During my 20 years and three months at the BBC TV News, it was a tenet of Corporation faith that the only thing a staff member could be sacked for was not paying their licence fee.
People went on air drunk, committed major fraud by inflating their expenses, swore like stevedores at editorial meetings and were guilty of gross, sexist behaviour but no one was ever sacked, even when utterly failing to deliver a story.
So, we were always careful to buy our Licence, though I remember one especially rapacious colleague showing me how he had hidden the sum in his weekly expenses claim.
When I saw the waste and corruption -- going right to the top of the BBC -- I needed no persuasion that the Licence is an iniquitous system, open to abuse.
I was in the BBC’s New York office one morning when a very senior executive, who was visiting, asked me: “How much is the daily allowance for New York?”
“It’s $220.00”, I said. “To cover hotel, meals and taxis. But you are staying in the BBC flat, aren’t you?”
“Don’t think for a moment that I won’t be claiming my New York allowance”, he replied, with a grin that said he thought me impossibly naïve.
As he was near the pinnacle of the BBC hierarchy, it was as good as an open invitation for underlings to follow suit. I would sometimes look at a street of TV aerials and wonder much of that money was being wasted and how much was lining fraudsters’ pockets.
The BBC licence fee is unique for the simple reason that no other free nation would submit to the imposition of a substantial tax without any say on how and by whom their money would be spent.
It’s a carbuncle on the face of our democracy and exists only because the British government cannot bear to let anything exist without seeking to control it.
When the British Broadcasting Company was created in the early 1920s, by radio manufacturers seeking to sell their sets to a public that wouldn’t buy unless there was something to hear, the government waited to see if “this new sound” -- the wireless -- it would succeed. When it did, it promptly nationalised it as a Crown corporation.
Almost immediately, during the National Strike of 1926, there was conflict as the government tried to control the BBC output. That largely failed but the seeds of the rancour that has existed ever since had been sown.
Mrs. Thatcher distrusted the BBC but didn’t go to war with it. That was wise. I told her that given the choice, the voters would vote for the BBC not the Tories. So she simply refused to increase the Licence fee and sent in Establishment man Marmaduke Hussey to sort out the mid-eighties mess, starting with the sacking of Alistair Milne, father of Corbyn’s Marxist spinner Seumas, the only Director General at that date to leave without a knighthood.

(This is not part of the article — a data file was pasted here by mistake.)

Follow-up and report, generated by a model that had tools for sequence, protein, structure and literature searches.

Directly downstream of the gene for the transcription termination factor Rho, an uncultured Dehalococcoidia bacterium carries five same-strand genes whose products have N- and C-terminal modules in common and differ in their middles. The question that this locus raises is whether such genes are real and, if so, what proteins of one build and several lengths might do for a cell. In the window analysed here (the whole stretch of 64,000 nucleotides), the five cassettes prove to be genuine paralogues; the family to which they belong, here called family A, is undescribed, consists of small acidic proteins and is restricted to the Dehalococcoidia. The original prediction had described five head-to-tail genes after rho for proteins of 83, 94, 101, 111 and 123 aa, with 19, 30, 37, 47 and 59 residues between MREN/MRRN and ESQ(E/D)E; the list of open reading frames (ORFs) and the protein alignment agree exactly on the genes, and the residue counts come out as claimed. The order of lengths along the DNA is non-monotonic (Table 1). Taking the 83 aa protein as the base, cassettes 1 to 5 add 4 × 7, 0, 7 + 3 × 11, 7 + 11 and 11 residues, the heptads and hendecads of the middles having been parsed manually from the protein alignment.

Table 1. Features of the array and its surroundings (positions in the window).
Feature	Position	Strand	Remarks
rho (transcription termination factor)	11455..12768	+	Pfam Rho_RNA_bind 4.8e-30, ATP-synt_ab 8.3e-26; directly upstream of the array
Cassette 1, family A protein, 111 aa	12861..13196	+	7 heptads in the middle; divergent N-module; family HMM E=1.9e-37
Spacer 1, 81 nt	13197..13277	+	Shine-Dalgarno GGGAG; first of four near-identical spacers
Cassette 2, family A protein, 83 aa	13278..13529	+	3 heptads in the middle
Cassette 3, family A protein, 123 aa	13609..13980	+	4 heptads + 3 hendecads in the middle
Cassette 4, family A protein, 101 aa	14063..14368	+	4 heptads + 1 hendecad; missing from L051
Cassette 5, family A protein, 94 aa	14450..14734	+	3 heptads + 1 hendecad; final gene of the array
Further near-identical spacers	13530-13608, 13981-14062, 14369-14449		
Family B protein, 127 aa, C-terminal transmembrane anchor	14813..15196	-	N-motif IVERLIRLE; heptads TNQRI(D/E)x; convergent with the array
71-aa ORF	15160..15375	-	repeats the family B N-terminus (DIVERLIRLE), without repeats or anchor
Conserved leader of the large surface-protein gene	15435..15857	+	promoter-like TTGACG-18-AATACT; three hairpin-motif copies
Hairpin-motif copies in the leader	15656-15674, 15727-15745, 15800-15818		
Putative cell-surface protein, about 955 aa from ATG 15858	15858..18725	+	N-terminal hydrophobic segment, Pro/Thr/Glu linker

The BBC bashing by Boris is a continuation of an ancient conflict but with a major difference: the BBC is no longer the vital part of national life it once was. People are their own programme controllers now. They choose what they watch from a vast number of sources.
But the fatal blow has been the weakening of BBC news. By following a metropolitan, leftist, anti-Brexit agenda, and forever signalling the Corporation’s multi-cultural virtue, the BBC has forgotten that its only true purpose is to report the news, without fear or favour. The BBC’s initial reports of the sex grooming gangs convicted by northern courts, for instance, sought to conceal that the perpetrators were of Pakistani ancestry, an undeniably important factor.
If you cannot trust a news source, it has no further use. No wonder SKY News is succeeding with its new slogan, “The News, without an Agenda”. Like an increasing number of people, that’s the channel I watch when I want to know what has happened during the day, without that news going through the BBC filter.
This saddens me more than I can say.
What could save the BBC now is a strong dose of commercial competition in the market place. Only then will it return to its historic role of being the voice of the nation, to the nation and the world.
The problem is that bureaucrats have never abolished themselves. So, instead of cutting down on the vast number of people on large salaries in non-jobs, and wasting vast sums on moving programmes needlessly to Manchester, Tony Hall has feebly tried to dump the financial burden on the on the over-75s, like me, by re-imposing their Licence fees.
We paid our dues long ago.
It is all quite shameful and -- worse -- it won’t work. The Rolls Royce BBC of the past and present is already in the ditch, even if its bosses haven’t checked yet with the people who have been putting in the petrol, the British public.